Microsoft has lost an initial face-off with Sony's new PlayStation 4 console and following criticism and pressure from the gaming community, the company dropped curbs on trading games and the need for regular internet connections for its Xbox One unit.
The console, after an initial one-time set-up, won't need to connect to the Web at least once every 24 hours to continue playing a game, Don Mattrick, president of Microsoft?s interactive entertainment unit, said in a blog post. The Redmond, Washington-based company also removed restrictions on reselling, trading and lending used games.
"After a one-time system set-up with a new Xbox One, you can play any disc based game without ever connecting online again. There is no 24 hour connection requirement and you can take your Xbox One anywhere you want and play your games, just like on Xbox 360," Mattrick said.
The need for an Internet connection for disc-based titles also provoked concern among some gamers about digital-rights management policies and scenarios where Web connections are spotty.
"Trade-in, lend, resell, gift, and rent disc based games just like you do today ? There will be no limitations to using and sharing games, it will work just as it does today on Xbox 360," he added.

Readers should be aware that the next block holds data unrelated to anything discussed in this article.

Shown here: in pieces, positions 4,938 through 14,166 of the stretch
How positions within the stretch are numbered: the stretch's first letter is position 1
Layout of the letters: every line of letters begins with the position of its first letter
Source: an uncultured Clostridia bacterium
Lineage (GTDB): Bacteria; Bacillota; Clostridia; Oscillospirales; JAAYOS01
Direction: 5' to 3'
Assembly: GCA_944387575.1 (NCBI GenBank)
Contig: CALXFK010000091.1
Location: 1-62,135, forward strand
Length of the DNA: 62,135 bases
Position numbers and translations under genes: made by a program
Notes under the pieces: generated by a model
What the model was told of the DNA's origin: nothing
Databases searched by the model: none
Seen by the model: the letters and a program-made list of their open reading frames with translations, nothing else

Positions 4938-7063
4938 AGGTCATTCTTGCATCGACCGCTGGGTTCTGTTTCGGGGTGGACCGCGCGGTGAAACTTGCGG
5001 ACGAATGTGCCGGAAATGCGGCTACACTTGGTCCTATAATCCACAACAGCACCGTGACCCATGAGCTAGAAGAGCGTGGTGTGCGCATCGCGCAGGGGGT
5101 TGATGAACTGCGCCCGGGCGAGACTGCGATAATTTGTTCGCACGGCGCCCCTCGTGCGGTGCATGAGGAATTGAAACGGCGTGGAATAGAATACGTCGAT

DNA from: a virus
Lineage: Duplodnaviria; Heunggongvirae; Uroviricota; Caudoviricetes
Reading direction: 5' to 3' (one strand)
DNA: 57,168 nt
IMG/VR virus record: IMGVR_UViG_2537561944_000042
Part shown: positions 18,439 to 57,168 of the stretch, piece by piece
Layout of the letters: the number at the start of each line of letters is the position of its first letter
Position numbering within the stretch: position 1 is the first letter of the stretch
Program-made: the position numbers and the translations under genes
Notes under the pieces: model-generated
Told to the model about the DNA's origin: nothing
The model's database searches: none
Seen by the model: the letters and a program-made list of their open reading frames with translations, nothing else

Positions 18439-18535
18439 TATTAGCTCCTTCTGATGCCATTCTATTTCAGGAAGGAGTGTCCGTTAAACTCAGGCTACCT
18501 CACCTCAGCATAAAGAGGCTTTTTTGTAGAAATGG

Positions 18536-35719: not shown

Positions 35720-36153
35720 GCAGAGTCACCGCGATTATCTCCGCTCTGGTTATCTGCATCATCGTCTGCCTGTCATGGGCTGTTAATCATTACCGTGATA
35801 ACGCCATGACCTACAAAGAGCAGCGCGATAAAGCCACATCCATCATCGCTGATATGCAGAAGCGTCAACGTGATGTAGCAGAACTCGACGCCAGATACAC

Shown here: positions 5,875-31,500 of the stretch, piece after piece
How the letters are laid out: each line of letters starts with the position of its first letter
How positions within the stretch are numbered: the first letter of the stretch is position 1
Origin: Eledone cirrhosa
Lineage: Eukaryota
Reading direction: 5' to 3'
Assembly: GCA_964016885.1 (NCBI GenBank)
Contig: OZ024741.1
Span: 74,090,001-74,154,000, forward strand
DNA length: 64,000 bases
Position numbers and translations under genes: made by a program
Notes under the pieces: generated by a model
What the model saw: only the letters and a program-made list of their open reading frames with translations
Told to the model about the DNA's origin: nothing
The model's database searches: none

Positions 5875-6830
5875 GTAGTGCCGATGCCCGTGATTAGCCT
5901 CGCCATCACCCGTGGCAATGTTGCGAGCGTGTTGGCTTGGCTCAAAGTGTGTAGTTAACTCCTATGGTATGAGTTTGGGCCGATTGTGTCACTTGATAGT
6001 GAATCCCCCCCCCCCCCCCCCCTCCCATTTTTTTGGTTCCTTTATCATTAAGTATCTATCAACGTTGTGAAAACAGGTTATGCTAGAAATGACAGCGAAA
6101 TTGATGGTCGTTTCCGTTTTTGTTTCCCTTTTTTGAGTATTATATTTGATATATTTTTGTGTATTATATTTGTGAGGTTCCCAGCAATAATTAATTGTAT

In addition to buying a disc from a retailer, users can also download games from Xbox Live on day of release. Those who download games will be able to play them offline just like they do today. Xbox One games will be playable on any Xbox One console -- there will be no regional restrictions.
These changes will impact some of the scenarios Microsoft previously announced for Xbox One. The sharing of games will work as it does today, users will simply share the disc. Downloaded titles cannot be shared or resold. Also, similar to today, playing disc based games will require that the disc be in the tray.
In a shot aimed at Microsoft, rival Sony announced during last week's Electronic Entertainment Expo in Los Angeles that its upcoming PlayStation 4 will not require a regular Internet connection to work and that the company won't try to restrict used game sales.
Both consoles will go on sale later this year, the Xbox One at $499 and the PS4 at $399.